Recent History – 2002
May 30, 2002, By Mark Nielsen, Daily News Staff
The Peace River Regional District (PRRD) has a proposal for regional policing to take to Victoria.
Directors and municipal council members agreed Wednesday on a taxation formula to finance regional policing that is based on proximity to a police detachment.
Under the scenario homeowners in communities that have a detachment — Fort St. John, Dawson Creek, Tumbler Ridge, Chetwynd, and Hudson’s Hope — would pay $112.58 per $100,000 of assessed value.
Homeowners in communities without a detachment, namely Taylor and Pouce Coupe, would pay $56.29 per $100,000.
Those in the rural areas would pay $45.03 per $100,000, and get the added benefit of being assessed on improvements only while all others would be assessed on land and improvements.
In return, the Peace-Liard — the Northern Rockies Regional District (NRRD) will also participate and is working out a formula — would get a more responsive and more efficiently-run police force according to RCMP Superintendent Michael Morris, who made a presentation to local politicians.
In essence, a medium sized detachment of 86 members and no more than 115 support staff would be created to cover both the PRRD and the NRRD with administration and operational support based in Fort St. John. The reduced duplication would free up 4.5 full-time police at the senior level.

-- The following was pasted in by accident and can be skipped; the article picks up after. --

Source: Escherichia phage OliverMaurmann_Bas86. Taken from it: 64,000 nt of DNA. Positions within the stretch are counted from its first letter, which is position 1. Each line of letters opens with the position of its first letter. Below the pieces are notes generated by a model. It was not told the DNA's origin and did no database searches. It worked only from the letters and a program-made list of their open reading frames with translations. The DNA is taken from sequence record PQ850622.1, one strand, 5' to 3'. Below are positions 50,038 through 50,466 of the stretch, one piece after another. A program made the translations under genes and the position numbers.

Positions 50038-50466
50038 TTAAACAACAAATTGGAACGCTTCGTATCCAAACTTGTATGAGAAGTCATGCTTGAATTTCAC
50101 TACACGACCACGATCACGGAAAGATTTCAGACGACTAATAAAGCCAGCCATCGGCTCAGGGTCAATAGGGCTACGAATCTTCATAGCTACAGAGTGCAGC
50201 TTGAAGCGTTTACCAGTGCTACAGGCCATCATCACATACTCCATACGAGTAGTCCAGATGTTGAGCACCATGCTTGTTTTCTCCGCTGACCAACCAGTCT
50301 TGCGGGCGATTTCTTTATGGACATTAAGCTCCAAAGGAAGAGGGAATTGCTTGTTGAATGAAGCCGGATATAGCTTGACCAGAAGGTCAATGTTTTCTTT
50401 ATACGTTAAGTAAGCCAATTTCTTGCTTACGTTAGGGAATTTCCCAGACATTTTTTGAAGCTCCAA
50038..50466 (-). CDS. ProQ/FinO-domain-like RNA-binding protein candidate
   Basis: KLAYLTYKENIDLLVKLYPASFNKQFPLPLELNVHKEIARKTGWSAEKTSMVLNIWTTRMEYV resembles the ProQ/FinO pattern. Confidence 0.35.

“We could put them out on the road, we could put them out on shifts, so that we have the availability of a senior seasoned veteran at all times as near as a radio button on the intercom,” Morris said.
Police would also be more flexible when it comes to handling rural calls. For example, currently only three members at the Dawson Creek detachment and four at Fort St. John handle rural calls but under the new system, all the members would have the mandate to respond to calls in the rural areas as well as in the municipalities.
“If the call is 30 miles, 40 miles, 100 miles out of town, the nearest available member can respond to that particular call. They’re not impeded by boundaries and borders any longer,” Morris said.
Implementing new technical developments would also be easier because the search for funding would be less bureaucratic. Police would be able to take a request to just one source, rather than dealing with several municipalities and the province.
“We see this as nothing but 100 per cent in the right direction,” Morris said.
The concept of regional policing in the PRRD dates back to 1995, but gained new impetus when the B.C. Liberal government announced late last year an intention to start charging small communities and rural residents for policing services.
Exactly what the province intends to do is still unknown. But based on assumptions about how much the province will charge, consultant Gary Williams estimated a leakage of between $1.8 and $4.3 million in tax revenue into the provincial coffer over the actual cost of policing in northeast B.C.
PRRD chair Karen Goodings said allowing the Peace-Liard to run its own police force would still be of benefit to the provincial government in that it can offload a costly responsibility.
“What’s in it for the province is a solution to bringing policing to the regional level that they might be able to use in other areas of this province,” she said. “It’s a huge move for them to allow us to take over something that has become a very very expensive provincial cost.”
Under the PRRD’s proposal, the province would still be responsible for such statutory responsibilities as highway patrol, major crimes unit and aboriginal policing. Also, the Peace would still get its portion of the federal subsidy for policing.
The PRRD will present its proposal to the B.C. Liberal government on June 10.